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Animal welfare in Post-Union Ireland

O'Connell, Helen

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The place of animals in English culture of the Romantic and Victorian periods has been widely explored, but the topic remains generally unexamined in the literary, social, and cultural history of Romantic-period and nineteenth-century Ireland.1 This is an unfortunate gap, as Irish animal welfare exemplifies a continual strain of reformist response to the political climate that came into existence in the aftermath of the rebellion of 1798 and Act of Union. The horrific conditions endured by many animals in post-Union Ireland attracted the attention of some well-known and other more obscure social reformers. Maria Edgeworth, Mary Leadbeater, Lady Morgan, William Hickey (Martin Doyle), Caesar Otway, and William Hamilton Drummond all noted disturbing tendencies to animal cruelty in Ireland. In a range of genres from pamphlets and lectures to novels, these writers attempted to inculcate animal welfare as a component of progressive attitudes that were increasingly commonplace in Britain.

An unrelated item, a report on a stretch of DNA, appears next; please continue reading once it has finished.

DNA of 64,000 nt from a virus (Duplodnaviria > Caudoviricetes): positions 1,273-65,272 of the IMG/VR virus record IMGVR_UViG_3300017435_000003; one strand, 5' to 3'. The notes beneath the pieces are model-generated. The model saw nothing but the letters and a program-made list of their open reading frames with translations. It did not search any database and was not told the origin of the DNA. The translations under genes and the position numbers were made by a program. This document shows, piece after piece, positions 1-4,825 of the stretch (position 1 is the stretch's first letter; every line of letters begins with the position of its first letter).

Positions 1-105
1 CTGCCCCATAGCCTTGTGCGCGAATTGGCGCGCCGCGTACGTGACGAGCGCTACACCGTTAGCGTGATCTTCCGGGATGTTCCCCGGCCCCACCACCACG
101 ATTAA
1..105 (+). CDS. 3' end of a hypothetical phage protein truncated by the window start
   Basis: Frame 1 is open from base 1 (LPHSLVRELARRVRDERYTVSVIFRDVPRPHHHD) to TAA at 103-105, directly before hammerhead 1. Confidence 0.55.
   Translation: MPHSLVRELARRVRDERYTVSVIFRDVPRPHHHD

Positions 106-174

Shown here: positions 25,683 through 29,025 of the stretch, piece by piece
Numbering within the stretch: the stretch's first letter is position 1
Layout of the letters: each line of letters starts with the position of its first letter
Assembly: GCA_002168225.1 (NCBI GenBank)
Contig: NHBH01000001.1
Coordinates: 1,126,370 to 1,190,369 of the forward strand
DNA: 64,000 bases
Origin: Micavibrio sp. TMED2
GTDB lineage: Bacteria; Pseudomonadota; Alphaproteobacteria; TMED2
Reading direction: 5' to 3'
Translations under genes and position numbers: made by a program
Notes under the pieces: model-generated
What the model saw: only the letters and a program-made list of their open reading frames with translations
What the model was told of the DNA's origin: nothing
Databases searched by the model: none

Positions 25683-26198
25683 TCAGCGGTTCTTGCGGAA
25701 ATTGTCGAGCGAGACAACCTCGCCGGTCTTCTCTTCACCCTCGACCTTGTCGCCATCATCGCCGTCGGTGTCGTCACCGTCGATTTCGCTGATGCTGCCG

O'Connell, H. (2015). Animal welfare in Post-Union Ireland. New hibernia review, 19(1), 34-52.

Journal Article Type Article
Acceptance Date May 12, 2014
Online Publication Date Mar 22, 2015
Publication Date Mar 22, 2015
Deposit Date Jul 7, 2014
Publicly Available Date Apr 24, 2015
Journal New Hibernia review : a quarterly record of Irish studies.
Print ISSN 1092-3977
Electronic ISSN 1534-5815
Publisher Center for Irish Studies at the University of St. Thomas
Peer Reviewed Peer Reviewed
Volume 19
Issue 1
Pages 34-52


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